The FDA sent questionnaires to all TurboSonic customers that Agent Rickher was able to identify, asking these customers about their "experiences with TurboSonic USA and the TruboSonic machine." See Cl.'s Ex. 278. This sort of questionnaire is a form of survey evidence. See Federal Judicial Center, Reference Manual on Scientific Evidence, 405 (3rd ed. 2011) (" Reference Manual ") (noting that a mail questionnaire is a survey instrument); see Gibson v. Cnty. of Riverside, 181 F.Supp.2d 1057, 1066-69 (C.D. Cal. 2002) (evaluating questionnaires sent out to county residents for reliability and using standards of reliability applicable to survey evidence generally); see also Pittsburgh Press Club v. United States, 579 F.2d 751, 758 (3d Cir. 1978). Survey evidence is commonly used, inter alia, in cases related to trademark infringement and misleading advertising cases. 1 McCormick On Evid. § 208 (7th ed.); see also Suzanne Bonamici, The Use and Reliability of Survey Evidence in Deceptive Advertising Cases, 62 Or. L. Rev. 561 (1983) (describing the use of survey evidence and indicia of reliability in Federal Trade Commission false advertising actions).
Survey evidence is "admissible, if relevant, either as nonhearsay or through a hearsay exception." Prudential Ins. Co. of Am. v. Gibraltar Fin. Corp. of Ca., 694 F.2d 1150, 1155 (9th Cir. 1982). "The proponent must show that the survey was conducted in accordance with generally accepted survey principles and that the results were used in a statistically correct manner." Keith v. Volpe, 858 F.2d 467, 480 (9th Cir. 1988). Thus, in order for the TurboSonic questionnaire responses to be admissible, Claimants must show that the responses are: (a) relevant; (b) reliable; and (c) not excluded under the rule against hearsay. Id.
Evidence is relevant if it has any tendency to make a fact of consequence more or less probable than it would be without the evidence. FRE 401. Claimants seek to use the questionnaire responses to show both that Claimants' alleged misrepresentations and omissions were not material and, accordingly, that the seized assets are not traceable to materially fraudulent statements. The Government must show that the allegedly fraudulent representations or omissions were material. See United States v. Wood, 335 F.3d 993, 1000 (9th Cir. 2003). Further, the Government must demonstrate that the defendant property are "proceeds" of mail fraud or wire fraud. 18 U.S.C. § 981(a)(2)(A); see also United States v. Newman, 659 F.3d 1235, 1243 (9th Cir. 2011). Claimants contend that "any representation that Claimants' products were FDA Certified' or FDA Approved' had no impact on the customers' use of an overwhelming satisfaction with the products." Cl.'s Motions in Limine, Dkt. 53 at 5. This evidence relates to the question of materiality. It is, therefore, relevant.
Survey evidence is only admissible if it was obtained "in accordance with generally accepted principles" and "the results were used in a statistically correct manner." Keith, 858 F.2d at 467. Any alleged technical inadequacies with a survey, "including the format of the questions or the manner in which it was taken, bear on the weight of the evidence, not its admissibility." Id. If, however, there are substantial design defects in the survey or its execution is deficient, then the survey should be completely excluded. See Harolds Stores, Inc. v. Dillard Dep't Stores, 82 F.3d 1533, 1544 (10th Cir. 1996); Pittsburgh Press Club v. United States, 579 F.2d 751, 759-60 (3d Cir. 1978); accord Keith, 858 F.2d at 480. The Ninth Circuit does not have a standard test to determine when a survey is conducted reliably, but the Handbook of Recommended Procedures for the Trial of Protracted Cases provides a list of important factors, including:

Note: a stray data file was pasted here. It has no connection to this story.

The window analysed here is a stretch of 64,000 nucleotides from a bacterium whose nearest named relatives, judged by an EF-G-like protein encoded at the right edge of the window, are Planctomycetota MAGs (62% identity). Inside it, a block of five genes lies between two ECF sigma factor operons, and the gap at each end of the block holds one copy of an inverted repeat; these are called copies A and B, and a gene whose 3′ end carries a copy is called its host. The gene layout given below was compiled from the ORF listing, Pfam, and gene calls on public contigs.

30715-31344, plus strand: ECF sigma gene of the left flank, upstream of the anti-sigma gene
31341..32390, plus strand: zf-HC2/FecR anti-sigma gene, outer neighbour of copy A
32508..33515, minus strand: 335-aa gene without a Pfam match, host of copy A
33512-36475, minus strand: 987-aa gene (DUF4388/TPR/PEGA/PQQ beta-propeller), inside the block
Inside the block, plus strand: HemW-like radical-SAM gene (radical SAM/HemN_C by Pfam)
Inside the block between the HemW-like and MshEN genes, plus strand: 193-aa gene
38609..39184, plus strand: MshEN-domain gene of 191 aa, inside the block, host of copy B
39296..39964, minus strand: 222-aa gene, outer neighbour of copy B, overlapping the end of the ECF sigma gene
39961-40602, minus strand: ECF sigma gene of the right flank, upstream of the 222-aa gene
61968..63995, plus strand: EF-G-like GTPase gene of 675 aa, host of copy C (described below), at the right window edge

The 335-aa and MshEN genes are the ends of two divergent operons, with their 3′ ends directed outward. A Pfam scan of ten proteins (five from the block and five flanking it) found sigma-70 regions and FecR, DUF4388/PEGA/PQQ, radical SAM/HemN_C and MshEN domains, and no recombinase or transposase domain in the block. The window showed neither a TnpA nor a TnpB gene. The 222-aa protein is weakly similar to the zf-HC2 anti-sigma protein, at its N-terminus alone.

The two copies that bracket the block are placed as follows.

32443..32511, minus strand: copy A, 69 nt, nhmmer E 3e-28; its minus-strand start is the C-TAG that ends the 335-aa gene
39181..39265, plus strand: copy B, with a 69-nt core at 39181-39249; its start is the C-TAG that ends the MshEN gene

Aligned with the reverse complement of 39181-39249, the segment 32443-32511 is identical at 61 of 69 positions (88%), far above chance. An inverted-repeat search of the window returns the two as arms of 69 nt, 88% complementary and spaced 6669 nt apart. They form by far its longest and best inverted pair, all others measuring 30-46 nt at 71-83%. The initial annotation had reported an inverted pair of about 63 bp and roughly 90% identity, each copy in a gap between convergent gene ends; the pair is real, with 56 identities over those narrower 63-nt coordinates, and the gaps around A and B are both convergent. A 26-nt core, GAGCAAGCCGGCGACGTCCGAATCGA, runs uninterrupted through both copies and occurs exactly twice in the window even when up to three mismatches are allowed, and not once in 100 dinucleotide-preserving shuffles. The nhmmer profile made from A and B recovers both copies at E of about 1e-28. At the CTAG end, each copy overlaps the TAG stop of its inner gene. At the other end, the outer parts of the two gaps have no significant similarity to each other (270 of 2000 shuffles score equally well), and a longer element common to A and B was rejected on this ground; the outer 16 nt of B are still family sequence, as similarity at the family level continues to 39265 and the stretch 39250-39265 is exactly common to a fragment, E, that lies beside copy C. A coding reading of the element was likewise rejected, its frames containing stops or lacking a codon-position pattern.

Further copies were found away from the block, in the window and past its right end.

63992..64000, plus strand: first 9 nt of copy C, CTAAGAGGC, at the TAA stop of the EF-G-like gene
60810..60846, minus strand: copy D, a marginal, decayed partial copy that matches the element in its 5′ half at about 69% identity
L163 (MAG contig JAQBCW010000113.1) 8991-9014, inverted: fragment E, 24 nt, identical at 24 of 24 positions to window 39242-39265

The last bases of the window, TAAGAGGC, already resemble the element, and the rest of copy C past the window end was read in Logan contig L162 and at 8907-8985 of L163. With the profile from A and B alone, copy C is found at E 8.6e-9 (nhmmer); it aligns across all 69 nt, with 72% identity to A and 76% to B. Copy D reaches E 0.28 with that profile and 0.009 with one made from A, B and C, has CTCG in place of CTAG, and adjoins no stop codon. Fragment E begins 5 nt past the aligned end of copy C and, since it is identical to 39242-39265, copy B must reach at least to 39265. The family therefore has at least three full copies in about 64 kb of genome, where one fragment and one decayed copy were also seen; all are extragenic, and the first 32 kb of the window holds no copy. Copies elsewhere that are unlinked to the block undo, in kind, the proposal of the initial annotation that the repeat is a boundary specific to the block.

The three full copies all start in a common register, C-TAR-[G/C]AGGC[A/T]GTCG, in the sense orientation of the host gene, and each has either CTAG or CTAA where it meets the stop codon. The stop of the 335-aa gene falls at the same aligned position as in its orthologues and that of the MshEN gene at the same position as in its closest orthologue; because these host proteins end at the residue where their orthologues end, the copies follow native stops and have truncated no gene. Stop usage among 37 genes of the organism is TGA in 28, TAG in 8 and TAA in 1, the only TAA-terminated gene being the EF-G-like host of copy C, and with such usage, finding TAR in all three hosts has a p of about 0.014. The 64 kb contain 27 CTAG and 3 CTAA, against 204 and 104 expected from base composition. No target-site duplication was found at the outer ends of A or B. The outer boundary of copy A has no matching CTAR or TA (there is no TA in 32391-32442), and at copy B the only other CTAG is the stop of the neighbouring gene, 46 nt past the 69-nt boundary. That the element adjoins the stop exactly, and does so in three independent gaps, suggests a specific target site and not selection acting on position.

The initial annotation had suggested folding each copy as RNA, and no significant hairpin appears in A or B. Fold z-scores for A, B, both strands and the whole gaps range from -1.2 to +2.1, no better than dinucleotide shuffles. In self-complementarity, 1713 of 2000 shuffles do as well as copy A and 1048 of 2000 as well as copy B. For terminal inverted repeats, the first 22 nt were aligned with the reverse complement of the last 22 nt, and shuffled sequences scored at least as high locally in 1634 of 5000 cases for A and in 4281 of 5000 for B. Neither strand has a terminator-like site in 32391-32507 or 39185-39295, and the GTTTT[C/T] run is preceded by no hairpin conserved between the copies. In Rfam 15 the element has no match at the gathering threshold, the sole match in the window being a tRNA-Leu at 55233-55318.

(1) The proper universe was selected and examined;
(2) A representative sample was drawn from that universe;
(3) The mode of questioning the interviewees was correct;
(4) The persons conducting the survey were recognized experts;
(5) The data gathered were accurately reported;
(6) The sample design, the questionnaire and the interviewing were in accordance with generally accepted standards of objective procedure and statistics in the field of such surveys;
(7) The sample design and the interviews were conducted independently of the attorneys; and,
(8) The interviewers trained in this field had no knowledge of the litigation or the purposes for which the survey was used.
Judicial Conference of the United States, Handbook of Recommended Procedures for the Trial of Protracted Cases, 25 F.R.D. 365 (1960) (" Handbook" ). The more modern Reference Manual enumerates similar considerations. Reference Manual at 373-76.
Claimants argue that the results of Agent Rickher's questionnaire are reliable, and they refer to her deposition testimony. Agent Rickher testified that the survey was designed by the Government for the purpose of investigating Claimants' alleged fraud. She testified:
Q. [Claimants' Counsel]: And did you believe that this was an objectively stated group of questions just simply aimed at getting the truth?
A. [Agent Rickher]: The truth to the questions I was interested in, yes.
Q. Did you think that you in any way stacked the questions so that they would be more favorable to the government's position in this case than to TurboSonic's position?
Q. Did you believe that this questionnaire was made in a way that was calculated to obtain reliable answers?
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Q. Do you think that the answers are reliable?
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Q. In connection with that survey, who helped you devise the questions on that?
A. I did, and I believe I also sent them to the attorneys here. Yes, I did send them to the attorneys here.
Q. To be reviewed before they went out?
Q. And that was a part of what you - part of the basis for you saying that you thought it was a fair survey because the Department of Justice reviewed it, you reviewed it before you went out.
Cl.'s Motions in Limine, Dkt. 104 at 7-8. In response, the Government argues that the questionnaires were not conducted in a ...